WICKET wizard Scott Hamilton is celebrating after he was crowned Scotland’s top bowler.
The Kelburne all-rounder claimed more scalps then any other during the SNCL season, with his deadly brand of medium-pace swing bamboozling batsmen across the country.
And his final tally of 32 wickets from 13 games was too much even for rivals in the top flight-Premiership to contend with, as well as those from the second-tier Championship which ’Burne competed in this term.
But it was a close call, with Falkland’s professional Harsha Cooray pushing 35-year-old Hamilton all they before posting his final tally of 27.
The Paisley bowler, however, remained the last man standing.
He said: “It was an excellent season for me personally.
“It was close going into the last few games but it was good for me to have that goal to go for.
“We played Falkland in our penultimate match and there was only three in it between Cooray and I.
“They bowled first and he took two wickets but in our innings, I took four and knew I was safe then.
“We even played our final game of the season the following day against Freuchie and I ended up with another three wickets to put a bit of daylight between us.
“My best figures were five for 24 against Dumfries, who finished top of the league and were promoted.
“They were the best team in the division so to take five wickets against them means I must have been doing something right.”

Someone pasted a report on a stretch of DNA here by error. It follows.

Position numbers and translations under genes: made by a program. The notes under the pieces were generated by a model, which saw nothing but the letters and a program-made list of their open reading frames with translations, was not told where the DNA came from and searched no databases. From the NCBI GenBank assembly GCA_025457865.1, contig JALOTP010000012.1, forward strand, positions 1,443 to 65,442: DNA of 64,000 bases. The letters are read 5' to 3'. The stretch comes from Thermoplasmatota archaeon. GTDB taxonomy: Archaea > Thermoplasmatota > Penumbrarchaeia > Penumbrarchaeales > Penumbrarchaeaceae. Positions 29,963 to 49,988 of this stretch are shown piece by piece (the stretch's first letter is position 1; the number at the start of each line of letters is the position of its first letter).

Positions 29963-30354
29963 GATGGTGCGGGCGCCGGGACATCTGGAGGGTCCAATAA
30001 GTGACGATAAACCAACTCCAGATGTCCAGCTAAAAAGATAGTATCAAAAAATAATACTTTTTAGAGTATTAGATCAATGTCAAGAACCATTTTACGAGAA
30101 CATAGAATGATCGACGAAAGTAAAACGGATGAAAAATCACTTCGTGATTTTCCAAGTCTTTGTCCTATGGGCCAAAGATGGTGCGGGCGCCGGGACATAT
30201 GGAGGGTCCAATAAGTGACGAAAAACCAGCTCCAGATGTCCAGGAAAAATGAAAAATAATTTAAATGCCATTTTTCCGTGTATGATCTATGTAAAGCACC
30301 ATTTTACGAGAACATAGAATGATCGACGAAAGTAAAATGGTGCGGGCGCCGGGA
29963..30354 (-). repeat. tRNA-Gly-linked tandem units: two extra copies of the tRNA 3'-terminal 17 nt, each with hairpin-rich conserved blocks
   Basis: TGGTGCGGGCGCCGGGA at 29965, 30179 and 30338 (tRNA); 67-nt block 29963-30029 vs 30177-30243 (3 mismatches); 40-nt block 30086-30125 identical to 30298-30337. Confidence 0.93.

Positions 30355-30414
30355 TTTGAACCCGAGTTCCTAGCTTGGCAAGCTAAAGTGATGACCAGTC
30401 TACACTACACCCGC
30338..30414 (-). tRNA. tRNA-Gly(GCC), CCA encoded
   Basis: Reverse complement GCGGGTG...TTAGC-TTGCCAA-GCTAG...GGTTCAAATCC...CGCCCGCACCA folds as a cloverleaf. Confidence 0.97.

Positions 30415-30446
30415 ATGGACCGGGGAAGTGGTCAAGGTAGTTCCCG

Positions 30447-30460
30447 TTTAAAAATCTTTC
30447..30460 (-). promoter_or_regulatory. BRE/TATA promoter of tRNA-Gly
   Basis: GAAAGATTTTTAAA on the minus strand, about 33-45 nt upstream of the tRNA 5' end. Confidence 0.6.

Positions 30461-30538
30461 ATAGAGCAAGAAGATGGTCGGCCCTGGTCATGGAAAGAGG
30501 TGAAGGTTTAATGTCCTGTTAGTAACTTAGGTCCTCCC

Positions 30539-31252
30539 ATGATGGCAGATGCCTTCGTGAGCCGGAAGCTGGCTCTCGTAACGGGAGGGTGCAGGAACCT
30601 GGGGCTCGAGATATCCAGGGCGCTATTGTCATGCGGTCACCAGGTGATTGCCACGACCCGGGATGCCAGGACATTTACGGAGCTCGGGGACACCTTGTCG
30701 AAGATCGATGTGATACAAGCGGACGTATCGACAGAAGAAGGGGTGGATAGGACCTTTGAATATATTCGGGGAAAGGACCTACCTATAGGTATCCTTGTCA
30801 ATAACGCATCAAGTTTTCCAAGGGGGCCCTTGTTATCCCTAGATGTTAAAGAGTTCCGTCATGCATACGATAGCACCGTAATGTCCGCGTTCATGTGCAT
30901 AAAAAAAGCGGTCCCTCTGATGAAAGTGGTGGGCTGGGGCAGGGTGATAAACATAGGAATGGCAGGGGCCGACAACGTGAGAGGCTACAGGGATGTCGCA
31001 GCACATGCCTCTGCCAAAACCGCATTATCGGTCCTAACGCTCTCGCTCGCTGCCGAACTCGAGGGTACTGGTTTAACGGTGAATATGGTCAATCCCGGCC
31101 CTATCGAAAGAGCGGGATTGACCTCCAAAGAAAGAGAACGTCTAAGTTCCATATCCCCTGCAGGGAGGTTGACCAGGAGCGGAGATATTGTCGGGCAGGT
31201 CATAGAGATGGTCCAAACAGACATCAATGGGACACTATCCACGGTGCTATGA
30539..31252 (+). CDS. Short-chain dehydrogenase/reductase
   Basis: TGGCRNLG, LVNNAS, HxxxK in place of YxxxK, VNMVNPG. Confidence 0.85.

And he was, spending extra hours after training working with wicket keeper Sandy Strang to perfect his line and length.
The graft paid off as Hamilton and his Whitehaugh team-mates finally adjusted to life in the SNCL national set-up after winning promotion from the Wester Union two years back.
Scott added: “Two years ago I won the Western Union Bowler of the Year award after taking 40 wickets – but this means so much more.
“This is definitely a greater achievement and I was delighted to be named top wicket taker.
“It was a big jump in standard for us coming into the SNCL, while the format has taken a little getting used to as well.
“In the Western Union, each bowler gets 15 overs, but in the National League, you only get 10, so you have to bowl well from delivery number one.
“You need to hit the ground running because you don’t have the time to feel your way through the first few overs.
“On top of that, you are up against much better batsmen who will punish any loose deliveries.”
Having limped home dead last a year ago, Kelburne only dodged falling through the relegation trap door and out of the SNCL national set-up after a nervy play-off win against Strathearn.
But they made significant strides this year, largely thanks to Hamilton’s accuracy with the ball, finishing 10th from 15 teams.
But Scott insists with a little more luck, they could have pestered teams further up the table.
“We finished bottom last year and only stayed up via the play-offs so we have shown a good level of progress this season,” he said.
“We proved we could beat anyone on our day and with a bit of luck, we could have finished higher.
“We bowled out Stewarts Melville Royal High for 77 and Dumfries for 117 but both times we couldn’t chase that down.
“If we’d have won those games we could have finished in the top five.”